Amid the COVID-19 pandemic, the City of Bayonne has been working to help get food to residents in need.
During the stay-at-home order, many residents were afraid or unable to leave their homes, especially the elderly. For some residents, groceries became too expensive after furloughs, layoffs, and closures.
The Bayonne City Council met on June 17 at 7 p.m. via TetherView. City Council President Sharon Ashe-Nadrowski announced that the City of Bayonne would be expanding its food services to accommodate residents in need.
Hunger Free across the county
Hunger Free Bayonne, in conjunction with the Bayonne Economic Opportunity Fund, was created by Stephanie Glover Wilson to serve the citizens of Bayonne.
Hunger Free Bayonne would distribute food practically every Saturday at the 16th Street Park to residents until supplies were gone. This was an essential service to many residents throughout the pandemic.
Due to its success, Hunger Free Bayonne is expanding, and the city is looking to pick up the slack.
“We can’t put a number on it, but it has been a wonderful four years,” according to Hunger Free Bayonne. “Now we are growing and rebranding, so we can serve the whole of Hudson County.”
Hunger Free Bayonne will change its name and serve residents outside the city as well. However, there will still be events in Bayonne, Hunger Free Bayonne’s farewell message said.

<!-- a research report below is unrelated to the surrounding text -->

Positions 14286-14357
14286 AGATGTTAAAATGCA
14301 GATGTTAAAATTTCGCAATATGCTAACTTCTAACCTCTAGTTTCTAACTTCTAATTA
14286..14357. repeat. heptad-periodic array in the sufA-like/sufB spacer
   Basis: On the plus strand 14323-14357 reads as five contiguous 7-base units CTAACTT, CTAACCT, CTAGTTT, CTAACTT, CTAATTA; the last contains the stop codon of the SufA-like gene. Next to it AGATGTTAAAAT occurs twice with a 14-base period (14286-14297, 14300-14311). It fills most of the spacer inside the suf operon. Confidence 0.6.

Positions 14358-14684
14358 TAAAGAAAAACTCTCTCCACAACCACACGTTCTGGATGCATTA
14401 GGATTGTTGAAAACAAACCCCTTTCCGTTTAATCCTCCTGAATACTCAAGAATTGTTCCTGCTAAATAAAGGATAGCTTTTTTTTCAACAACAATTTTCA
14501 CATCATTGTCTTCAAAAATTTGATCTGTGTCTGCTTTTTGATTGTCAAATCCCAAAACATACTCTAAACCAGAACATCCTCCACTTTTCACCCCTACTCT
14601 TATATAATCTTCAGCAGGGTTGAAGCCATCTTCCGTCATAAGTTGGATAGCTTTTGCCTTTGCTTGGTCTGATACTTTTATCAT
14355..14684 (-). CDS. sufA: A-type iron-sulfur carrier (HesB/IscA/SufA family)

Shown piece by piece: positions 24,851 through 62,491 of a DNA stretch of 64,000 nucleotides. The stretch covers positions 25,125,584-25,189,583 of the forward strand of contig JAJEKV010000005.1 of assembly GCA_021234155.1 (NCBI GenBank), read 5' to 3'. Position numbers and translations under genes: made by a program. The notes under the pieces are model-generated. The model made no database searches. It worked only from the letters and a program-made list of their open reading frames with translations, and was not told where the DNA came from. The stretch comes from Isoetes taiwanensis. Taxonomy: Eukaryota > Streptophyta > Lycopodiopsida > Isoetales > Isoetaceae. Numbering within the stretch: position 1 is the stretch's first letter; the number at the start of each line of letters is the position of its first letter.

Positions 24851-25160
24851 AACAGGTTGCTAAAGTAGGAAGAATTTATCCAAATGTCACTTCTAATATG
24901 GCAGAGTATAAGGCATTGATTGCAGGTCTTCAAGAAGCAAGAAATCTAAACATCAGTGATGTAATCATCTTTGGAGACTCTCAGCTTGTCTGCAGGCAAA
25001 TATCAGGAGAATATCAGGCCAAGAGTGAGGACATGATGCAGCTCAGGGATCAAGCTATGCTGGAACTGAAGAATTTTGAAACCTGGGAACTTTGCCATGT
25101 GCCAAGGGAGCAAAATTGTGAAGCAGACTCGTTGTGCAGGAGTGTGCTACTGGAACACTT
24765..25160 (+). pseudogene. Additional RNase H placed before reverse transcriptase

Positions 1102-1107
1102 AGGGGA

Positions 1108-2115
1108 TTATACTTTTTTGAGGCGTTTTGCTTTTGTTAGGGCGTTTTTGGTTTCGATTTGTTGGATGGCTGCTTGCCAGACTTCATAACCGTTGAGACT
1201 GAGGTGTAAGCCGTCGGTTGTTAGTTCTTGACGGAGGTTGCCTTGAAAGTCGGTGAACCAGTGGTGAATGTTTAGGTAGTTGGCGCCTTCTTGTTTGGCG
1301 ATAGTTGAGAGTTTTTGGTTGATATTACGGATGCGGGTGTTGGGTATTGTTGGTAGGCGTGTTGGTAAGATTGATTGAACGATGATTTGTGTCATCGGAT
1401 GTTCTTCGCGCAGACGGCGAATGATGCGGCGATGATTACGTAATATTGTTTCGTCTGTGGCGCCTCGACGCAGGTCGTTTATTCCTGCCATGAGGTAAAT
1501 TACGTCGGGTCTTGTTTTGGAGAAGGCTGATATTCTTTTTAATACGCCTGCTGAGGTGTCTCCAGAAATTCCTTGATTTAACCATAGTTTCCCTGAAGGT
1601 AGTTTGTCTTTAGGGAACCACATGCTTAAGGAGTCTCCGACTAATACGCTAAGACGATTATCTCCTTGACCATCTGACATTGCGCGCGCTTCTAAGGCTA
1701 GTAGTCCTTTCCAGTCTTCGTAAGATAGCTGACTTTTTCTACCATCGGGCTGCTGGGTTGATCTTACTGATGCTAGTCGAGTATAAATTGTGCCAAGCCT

“Thank you everyone. Bayonne will always be our first love,” according to Hunger Free Bayonne. “We will never turn our back on our city.”
Ashe-Nadrowski said that while Hunger Free Bayonne was expanding the program to other communities, the city is looking to maintain the program under Bayonne for Bayonne in addition to the new countywide iteration of Hunger Free Bayonne.
High demand for food assistance
Previously, Ashe-Nadrowski said that people who never needed food assistance before, people who are most at-risk for the virus, people who have lost their jobs but still await their unemployment checks, and other residents are desperately seeking food assistance from the city.
“Help is available,” she said.
According to Ashe-Nadrowski, the city created Bayonne for Bayonne as a nonprofit that helps subsidize initiatives like Hunger Free Bayonne and others to support local residents.
Anyone in need of food assistance should call the office of the City Council President at 201-858-6520 or sign up on the BEOF website at beof.org.
“If you know someone who is too proud to admit they need help, you can sign them up,” Ashe-Nadrowski said.
Ashe-Nadrowski also advised residents to check Mayor James Davis’s social media pages for information regarding locations for food distributions.
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